We’ve solved the whole big-bank bailout bugaboo that afflicted us few years back, right?
The problem was effectively handled, some say, with the 2010 Dodd-Frank legislation, and President Obama himself has folded his arms in a “never again” stance with regard to bailouts.
It’s curious, then, that three top banking officials just told Congress that America’s biggest banks are still seen as invincible to failing.1 Not in a free market sort of way, mind you, but more in the vein of a virtual market subsidy that’s derived from the perception that the country’s largest banks would be rescued by the government in a crisis.
That trio of testimony followed comments last week by Philadelphia Fed president Charles Plosser that the Dodd-Frank rules come up short, while Sheila Bair, former head of the Federal Deposit Insurance Corp., damned the legislation with faint praise, saying regulators simply need to “finish the rules.”2
It has been a particularly nice 12 months for the country’s biggest banks – and their shareholders. Our Too Big to Fail motif, a portfolio of stocks of the nation’s largest banks, has increased 47.0% in the past 12 months. The S&P 500 Index is up 23.6% during that timeframe. (So far in 2013, the motif has risen 18.1%; the S&P 500 is up 11.0%).
This is the sort of performance that appears to be driven, in part, by the notion that the country’s top 10 banks are effectively given a combined $83 billion in annual subsidies, according to research cited by Bloomberg.3 It turns out that big banks have a huge incentive to get as big as they can – the perception of a federal government backstop lowers borrowing costs compared with smaller banks.
(It should be noted that Goldman Sachs put out its own report, saying that what had been a funding advantage before the crisis has now turned into a funding disadvantage).4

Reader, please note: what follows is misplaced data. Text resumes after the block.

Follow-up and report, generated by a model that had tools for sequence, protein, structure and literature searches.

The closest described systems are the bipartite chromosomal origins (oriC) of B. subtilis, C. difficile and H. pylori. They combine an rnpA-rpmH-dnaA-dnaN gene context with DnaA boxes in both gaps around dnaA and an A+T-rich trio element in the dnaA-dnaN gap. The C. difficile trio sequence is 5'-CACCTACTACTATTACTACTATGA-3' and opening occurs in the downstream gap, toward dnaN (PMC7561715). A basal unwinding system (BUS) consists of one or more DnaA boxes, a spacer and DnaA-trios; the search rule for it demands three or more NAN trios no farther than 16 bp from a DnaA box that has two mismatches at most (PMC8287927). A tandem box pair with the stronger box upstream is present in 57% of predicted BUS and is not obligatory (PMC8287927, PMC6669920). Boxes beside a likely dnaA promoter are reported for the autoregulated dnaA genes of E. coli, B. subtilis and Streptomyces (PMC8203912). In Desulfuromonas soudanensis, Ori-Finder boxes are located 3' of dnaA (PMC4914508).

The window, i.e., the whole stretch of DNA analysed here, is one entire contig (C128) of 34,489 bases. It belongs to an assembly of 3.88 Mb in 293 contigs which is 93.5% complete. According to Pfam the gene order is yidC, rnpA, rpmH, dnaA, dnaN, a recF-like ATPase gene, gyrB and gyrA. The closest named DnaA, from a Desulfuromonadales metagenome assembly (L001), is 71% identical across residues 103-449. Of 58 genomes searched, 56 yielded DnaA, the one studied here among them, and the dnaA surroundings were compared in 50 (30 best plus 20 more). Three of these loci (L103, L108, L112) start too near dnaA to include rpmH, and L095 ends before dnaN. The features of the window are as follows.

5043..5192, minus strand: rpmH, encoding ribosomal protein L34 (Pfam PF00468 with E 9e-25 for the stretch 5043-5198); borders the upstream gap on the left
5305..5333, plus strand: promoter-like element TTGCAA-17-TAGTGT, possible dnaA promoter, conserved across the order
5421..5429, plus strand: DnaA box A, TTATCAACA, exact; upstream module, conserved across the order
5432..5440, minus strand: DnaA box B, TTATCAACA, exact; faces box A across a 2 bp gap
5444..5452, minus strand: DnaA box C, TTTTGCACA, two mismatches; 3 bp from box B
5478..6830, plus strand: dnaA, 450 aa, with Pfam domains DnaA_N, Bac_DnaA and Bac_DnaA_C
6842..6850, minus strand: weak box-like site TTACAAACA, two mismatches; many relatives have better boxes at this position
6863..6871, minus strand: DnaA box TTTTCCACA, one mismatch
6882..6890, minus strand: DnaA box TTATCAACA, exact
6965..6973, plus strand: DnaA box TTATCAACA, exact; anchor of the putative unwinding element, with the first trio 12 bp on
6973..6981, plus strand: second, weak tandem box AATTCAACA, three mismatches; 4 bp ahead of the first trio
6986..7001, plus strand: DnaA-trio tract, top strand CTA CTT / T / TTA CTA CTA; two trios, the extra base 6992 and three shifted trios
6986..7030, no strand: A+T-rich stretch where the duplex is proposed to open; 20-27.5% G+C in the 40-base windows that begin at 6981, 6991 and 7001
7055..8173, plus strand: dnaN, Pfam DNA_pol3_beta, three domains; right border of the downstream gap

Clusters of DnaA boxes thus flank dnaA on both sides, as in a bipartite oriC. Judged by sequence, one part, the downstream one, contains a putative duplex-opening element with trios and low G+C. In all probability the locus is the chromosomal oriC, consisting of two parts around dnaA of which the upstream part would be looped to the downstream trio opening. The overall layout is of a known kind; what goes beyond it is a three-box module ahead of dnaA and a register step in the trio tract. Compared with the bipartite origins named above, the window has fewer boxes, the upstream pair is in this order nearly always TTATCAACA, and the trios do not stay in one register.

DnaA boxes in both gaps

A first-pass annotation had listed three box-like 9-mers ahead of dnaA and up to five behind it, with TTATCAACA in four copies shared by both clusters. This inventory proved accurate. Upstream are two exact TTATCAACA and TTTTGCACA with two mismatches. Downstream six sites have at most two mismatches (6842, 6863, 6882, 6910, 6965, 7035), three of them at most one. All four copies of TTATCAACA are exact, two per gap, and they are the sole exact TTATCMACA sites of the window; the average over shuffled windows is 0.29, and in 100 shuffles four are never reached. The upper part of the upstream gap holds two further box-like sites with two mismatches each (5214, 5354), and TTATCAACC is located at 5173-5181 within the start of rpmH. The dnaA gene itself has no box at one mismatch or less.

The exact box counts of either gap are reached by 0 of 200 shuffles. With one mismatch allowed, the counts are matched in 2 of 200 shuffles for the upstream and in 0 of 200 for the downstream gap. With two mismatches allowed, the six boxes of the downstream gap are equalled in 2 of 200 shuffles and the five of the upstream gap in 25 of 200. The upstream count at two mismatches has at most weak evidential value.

However, the road for all of the nation’s largest banks may not be without future obstacles. Bloomberg has reported that the FDIC isn’t exactly pleased with early drafts submitted by banks to show workable wind-down plans in the event of a bankruptcy.5 If the plans don’t meet approval, it’s possible one or more big banks could be required to restructure.
It may be worth it for shareholders of individual banks to be aware that “too big to fail” doesn’t necessarily translate into “too big to break up.”
1Federal Reserve Bank of Dallas, speech by President Richard W. Fisher to House Committee on Financial Services, June 26, 2013, http://dallasfed.org/news/speeches/fisher/2013/fs130626.cfm.
2Sheila C. Bair testimony, House Committee on Financial Services, June 26, 2013, http://financialservices.house.gov/uploadedfiles/hhrg-113-ba00-wstate-sbair-20130626.pdf.
3“Why Should Taxpayers Give Big Banks $83 Billion a Year?,” Bloomberg.com, Feb. 20, 2013, http://www.bloomberg.com/news/2013-02-20/why-should-taxpayers-give-big-banks-83-billion-a-year-.html, (accessed June 27, 2013).
4“Measuring the TBTF effect on bond pricing,” Goldman Sachs, May 2013, http://www.goldmansachs.com/our-thinking/public-policy/regulatory-reform/measuring-tbtf-doc.pdf, (accessed June 27, 2013).
5Jesse Hamilton & Craig Torres, “Biggest Banks- Wind-Down Plans Seen Failing to Cut Risks,” Bloomberg.com, June 26, 2013, http://www.bloomberg.com/news/2013-06-26/biggest-banks-wind-down-plans-seen-failing-to-cut-risks.html.